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NBA’s amnesty window open, here are three candidates to watch

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The NBA’s amnesty window is open — from now until July 16, teams that haven’t used their one-time amnesty provision since the lockout can wipe one contract off the official books, so long as that is a contract they signed before the lockout.

Which means there are only 13 teams and 34 total players where they amnesty clause is in play. Most of those are not contracts the teams want to get rid of — Al Horford in Atlanta, Rajon Rondo in Boston, LeBron James in Miami, Tony Paker in San Antonio, Kevin Durant in Oklahoma City and so on.

For all the fanfare of the amnesty clause as a “get out of jail free” card, teams generally are cautious to use it. They have to pay the player anyway — amnesty a player and he comes off the official league books but the player still gets paid — so this has to just be a guy you want gone.

We know one amnesty is coming this year — Charlotte has already said they will amnesty Tyrus Thomas. Which makes sense, he completely fits the mold of a guy it was time to throw in the towel on.

Do not expect the Bulls to amnesty Carlos Boozer or the Thunder to use theirs on Kendrick Perkins. In the case of Oklahoma City, GM Sam Presti has said the organization doesn’t believe in the amnesty clause as useful — they are going to have to pay him anyway, they may as well get something for that. The Bulls might amnesty Boozer a year from now when they can open up a lot of cap room to chase free agents, but this year he stays as the Bulls try to make a run.

Here are three other guys to watch:

Metta World Peace, Los Angeles Lakers. This is obvious because it has already been out there that the Lakers are likely to send World Peace on his way. The Lakers could amnesty Kobe Bryant, but there is zero chance of that. They could amnesty Pau Gasol, but he has trade value if they want to move him. World Peace is the odd guy out and letting him go would save the Lakers in excess of $14 million (that number was much higher until Dwight Howard bolted and the Lakers payroll fell).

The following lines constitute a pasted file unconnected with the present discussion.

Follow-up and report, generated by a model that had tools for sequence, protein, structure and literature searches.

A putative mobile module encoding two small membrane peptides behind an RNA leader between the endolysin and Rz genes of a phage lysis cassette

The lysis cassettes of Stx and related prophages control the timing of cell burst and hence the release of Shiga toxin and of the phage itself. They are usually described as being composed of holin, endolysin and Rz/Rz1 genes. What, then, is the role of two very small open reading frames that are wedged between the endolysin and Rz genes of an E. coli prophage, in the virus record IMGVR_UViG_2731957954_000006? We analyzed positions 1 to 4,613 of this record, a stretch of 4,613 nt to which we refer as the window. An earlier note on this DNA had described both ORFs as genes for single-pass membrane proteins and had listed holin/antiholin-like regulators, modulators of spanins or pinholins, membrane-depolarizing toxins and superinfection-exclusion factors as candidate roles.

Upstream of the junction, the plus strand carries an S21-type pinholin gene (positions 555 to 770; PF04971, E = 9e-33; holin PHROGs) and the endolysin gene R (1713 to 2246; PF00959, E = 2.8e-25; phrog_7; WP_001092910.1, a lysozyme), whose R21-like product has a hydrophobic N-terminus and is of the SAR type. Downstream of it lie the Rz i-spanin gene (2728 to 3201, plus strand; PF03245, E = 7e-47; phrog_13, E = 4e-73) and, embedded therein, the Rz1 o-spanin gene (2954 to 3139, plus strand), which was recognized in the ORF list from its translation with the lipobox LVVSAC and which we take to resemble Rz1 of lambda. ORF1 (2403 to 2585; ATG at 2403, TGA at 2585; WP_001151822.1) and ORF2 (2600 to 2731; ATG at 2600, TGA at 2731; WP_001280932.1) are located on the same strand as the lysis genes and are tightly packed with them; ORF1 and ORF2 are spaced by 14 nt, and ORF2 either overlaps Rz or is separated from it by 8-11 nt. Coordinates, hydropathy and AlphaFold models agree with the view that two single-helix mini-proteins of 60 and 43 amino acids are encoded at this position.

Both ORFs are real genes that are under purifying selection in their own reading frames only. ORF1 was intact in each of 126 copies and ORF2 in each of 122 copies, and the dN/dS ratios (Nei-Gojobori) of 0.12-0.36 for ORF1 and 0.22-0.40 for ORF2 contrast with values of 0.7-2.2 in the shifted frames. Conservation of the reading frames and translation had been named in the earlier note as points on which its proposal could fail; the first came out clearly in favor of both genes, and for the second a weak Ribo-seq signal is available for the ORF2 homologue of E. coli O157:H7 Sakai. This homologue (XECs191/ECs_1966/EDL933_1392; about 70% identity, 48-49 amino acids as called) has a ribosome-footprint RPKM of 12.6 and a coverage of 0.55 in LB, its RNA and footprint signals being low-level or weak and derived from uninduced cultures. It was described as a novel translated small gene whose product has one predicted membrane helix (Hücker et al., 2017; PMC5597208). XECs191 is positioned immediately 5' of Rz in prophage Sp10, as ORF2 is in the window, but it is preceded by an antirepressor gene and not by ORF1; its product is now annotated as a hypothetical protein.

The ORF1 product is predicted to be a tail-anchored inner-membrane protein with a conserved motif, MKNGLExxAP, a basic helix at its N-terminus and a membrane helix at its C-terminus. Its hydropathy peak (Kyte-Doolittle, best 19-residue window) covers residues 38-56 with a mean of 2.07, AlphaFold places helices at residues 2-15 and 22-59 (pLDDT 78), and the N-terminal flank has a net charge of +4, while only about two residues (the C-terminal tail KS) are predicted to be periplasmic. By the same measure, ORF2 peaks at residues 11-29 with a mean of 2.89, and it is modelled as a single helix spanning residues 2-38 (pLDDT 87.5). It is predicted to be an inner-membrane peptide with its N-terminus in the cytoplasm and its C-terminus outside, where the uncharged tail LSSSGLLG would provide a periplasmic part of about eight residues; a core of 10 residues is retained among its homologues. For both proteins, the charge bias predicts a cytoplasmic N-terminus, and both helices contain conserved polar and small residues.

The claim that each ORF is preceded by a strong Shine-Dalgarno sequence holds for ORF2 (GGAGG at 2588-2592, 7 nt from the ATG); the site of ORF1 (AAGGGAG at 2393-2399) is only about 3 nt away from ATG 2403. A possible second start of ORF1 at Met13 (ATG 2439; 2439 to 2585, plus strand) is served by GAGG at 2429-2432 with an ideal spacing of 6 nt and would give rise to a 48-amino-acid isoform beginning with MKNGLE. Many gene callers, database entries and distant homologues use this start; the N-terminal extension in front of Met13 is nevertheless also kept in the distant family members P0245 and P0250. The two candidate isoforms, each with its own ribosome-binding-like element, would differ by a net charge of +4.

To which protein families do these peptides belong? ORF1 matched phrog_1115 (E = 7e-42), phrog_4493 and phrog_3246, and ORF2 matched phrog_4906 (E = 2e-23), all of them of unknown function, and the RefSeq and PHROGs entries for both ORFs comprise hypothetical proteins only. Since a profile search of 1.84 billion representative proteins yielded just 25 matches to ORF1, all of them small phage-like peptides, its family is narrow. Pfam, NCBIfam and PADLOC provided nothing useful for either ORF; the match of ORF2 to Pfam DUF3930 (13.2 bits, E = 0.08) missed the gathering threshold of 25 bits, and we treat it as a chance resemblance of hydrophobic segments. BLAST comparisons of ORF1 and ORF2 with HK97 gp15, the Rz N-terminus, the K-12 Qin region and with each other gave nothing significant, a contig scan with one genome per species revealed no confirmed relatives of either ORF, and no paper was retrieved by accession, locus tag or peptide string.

John Salmons, Sacramento Kings. Salmons is a nice wing player that the Kings oddly gave a large and long contract to. Now they have the just drafted Ben McLemore and they are reportedly in the hunt for Monta Ellis (Atlanta remains the front runner), so why have Salmons in the picture. Salmons is due $7.5 million in 2013-14, and $1 million guaranteed in 2014-15

Charlie Villanueva, Detroit Pistons. This was a bad contract the day it was signed — back then Villanueva had some value but there was no reason to ink a big multi-year deal. Joe Dumars had cap space and he was going to spend it, no matter what. This should be a no brainer. Villanueva is owed $8.58 million next season.

Enjoy 50-best circus shots of last NBA season

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As of tomorrow, training camps around the league open, and all the focus goes to the 2016-17 season.

For fun, let’s look back one more time at last season — the 50 top circus shots of last season.

Stephen Curry driving the lane and throwing up prayers once he draws contact (and hitting them), there is Russell Westbrook throwing the inbounds pass off an opponent’s back, and so much more. Enjoy. Then let’s get on with next season.

To avoid trash talk, Steven Adams told Kevin Garnett he didn’t speak English

Kevin Garnett